People have been gently brainwashed into thinking: “This is the way radio should be. This is the way music should sound. It’s been like this for decades, so it’s the way to do it.”

I beg to differ. I think more listeners should too. It’s time more people got on their radio stations and their sponsors and demanded better radio.

****The best music station on the planet! Bar None!**** A station where you can still learn something about music: new and old!

I think the fact Vancouver can’t have a radio station anywhere near what BBC 6 Music is, is a crime.

***Radio in Vancouver has gone over the same tired ground long enough to not think something like a 6 Music type station on the regular dial would work.***

The only way it wouldn’t work would be the fact that any self-respecting music fan goes on-line to hear music, as regular radio has been insipid for so long.

The Peak and The Shore seemed like a slight change from the regular, boring routine of Vancouver radio, but, compared with BBC 6, they’re not in the same league at all.

I know you have to worry about ‘Canadian Content’. That’s not the issue here.

The issue is offering music radio that excites the listener, and gives them much more choice than is usually offered on the regular dial in Vancouver.

And that choice is extremely narrow. It’s time it was widened. It’s time people realize they have just as much influence on radio as the corporations do.

Don’t be apathetic and don’t accept the inferior programming offered to you by  people who don’t care about music….or you.

 

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~ by bandcouver on May 29, 2012.

5 Responses to “We’re All Responsible For Radio’s Downfall”

  1. Well put Mark, good on ya’. I miss Coast 800 and 1040 so, so much. I was told that Shore 104 was gonna’ be the next Coast Radio. You think they’ve lived up to that “campaign promise”??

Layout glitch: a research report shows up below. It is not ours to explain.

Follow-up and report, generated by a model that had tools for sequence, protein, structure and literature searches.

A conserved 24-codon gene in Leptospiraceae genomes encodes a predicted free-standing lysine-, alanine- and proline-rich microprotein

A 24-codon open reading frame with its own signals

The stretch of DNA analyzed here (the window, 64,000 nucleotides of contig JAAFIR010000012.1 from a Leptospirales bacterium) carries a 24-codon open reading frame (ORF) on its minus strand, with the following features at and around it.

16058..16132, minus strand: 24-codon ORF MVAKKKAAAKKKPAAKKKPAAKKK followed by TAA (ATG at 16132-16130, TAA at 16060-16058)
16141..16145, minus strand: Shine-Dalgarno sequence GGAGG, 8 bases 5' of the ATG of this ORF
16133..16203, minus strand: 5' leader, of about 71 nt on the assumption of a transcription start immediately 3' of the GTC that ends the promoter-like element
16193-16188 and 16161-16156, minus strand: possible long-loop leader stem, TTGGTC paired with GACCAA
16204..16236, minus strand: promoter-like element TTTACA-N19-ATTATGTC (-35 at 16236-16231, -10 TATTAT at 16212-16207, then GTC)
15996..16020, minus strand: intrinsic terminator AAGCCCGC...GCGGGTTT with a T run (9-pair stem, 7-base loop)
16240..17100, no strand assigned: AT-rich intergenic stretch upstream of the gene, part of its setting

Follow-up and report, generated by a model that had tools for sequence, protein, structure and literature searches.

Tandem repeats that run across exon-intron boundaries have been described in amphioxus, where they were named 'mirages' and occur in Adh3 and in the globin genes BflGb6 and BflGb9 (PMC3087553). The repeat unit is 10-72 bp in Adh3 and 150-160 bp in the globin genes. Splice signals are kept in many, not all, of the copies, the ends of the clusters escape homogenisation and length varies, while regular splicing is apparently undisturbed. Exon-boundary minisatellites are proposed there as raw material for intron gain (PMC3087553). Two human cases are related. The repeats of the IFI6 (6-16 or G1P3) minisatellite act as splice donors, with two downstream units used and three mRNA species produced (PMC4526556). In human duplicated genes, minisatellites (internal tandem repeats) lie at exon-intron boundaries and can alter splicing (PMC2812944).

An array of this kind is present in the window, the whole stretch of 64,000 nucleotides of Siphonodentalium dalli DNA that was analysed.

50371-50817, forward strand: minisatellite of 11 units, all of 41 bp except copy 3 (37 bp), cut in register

• I don’t think The Shore has lived up to their campaign promise to be the next Coast. They don’t play anywhere near the volume or variety of local/indie acts to start making such a claim. People who think the same of The Peak are fooling themselves. When I’m not hearing any of the more daring bands that Coast sired, I’m not sold. I have listened and have hear some things I’ve liked ,but, online stations like BBC’s 6 Music blow them away. They play fantastic music: New and old. They also still know who Inspiral Carpets, Public Image Limited, Buzzcocks, Curve, Lush, The Pogues and many other UK acts are. Acts who have been dumped by Vancouver radio ever since Coast’s demise. The problem with offering radio such as Coast is the listening public, as well as the corporate folk, who still listen to regular radio, seem so damned afraid of trying anything different, even though what has already been aired, has been aired to death, and they KNOW IT. I can’t see commercial radio in Vancouver airing such acts as say Howlin’ Wolf, Captain Beefheart, Francois Hardy, vintage Ska from the 60’s, Country music from the 50’s-the 70’s, Folk music by Sandy Denny, spoken word by the likes of Vivian Stanshall, movie soundtrack music,( as just a few examples ) in the regular playlist, if this childish and narrow-minded attitude persists. Co-op Radio can be helpful to a point ,but, what frustrates me about it is when they do get an opportunity to promote the station, the last thing they mention is the fact they have shows that support the local music scene, and the kind of ‘non-traditional’ music the commercial stations aren’t playing.

      • I agree with you re: the public. Don’t have an answer for the problem either. As for Shore, disappointing… I expected more for local talent than what’s being delivered, to be sure. Definitely not the next Coast. As for Co-op, does seem odd that they wouldn’t promote the local aspect heartily. Strikes me that if they did they might just steal some listeners away from faux-local stations… Keep on doing that thing you do to help promote real local talent Mark. xo g

  2. I am glad I worked at CFMI in the early to mid80’s when a lot of thought and effort went into the music programming (thanks Dale Buote…hope I spelled your name right). We knew playing “Classic Rock” would be a easy but also lazy way to program 101.

  3. Welcome aboard, Jim. I remember you well with Doc, Pam and Rosie back in the day. A funny and eclectic morning music show. I remember you calling the Edmonton Oilers “The Snotty Oilers and reveled in the fact Calgary knocked them out of the playoffs, and wiped the sappy smirk right off of coach Glen Sather’s face.” hahahaha I also remember Doc telling me how he got fired from CFMI, when a hot cup of coffee fell off the top of the mixing board, hit the on-air mic button, and fell right in his lap and he yelled “F**k,! Shit! Piss!”. hahahahaha CFMI was such a great station in its prime. Also love “Discumentray” with Dave McCormick, and the new music release show “Off The Wall” with Robert O. Smith. I still have The Yardbirds Discumentaryon cassette btw.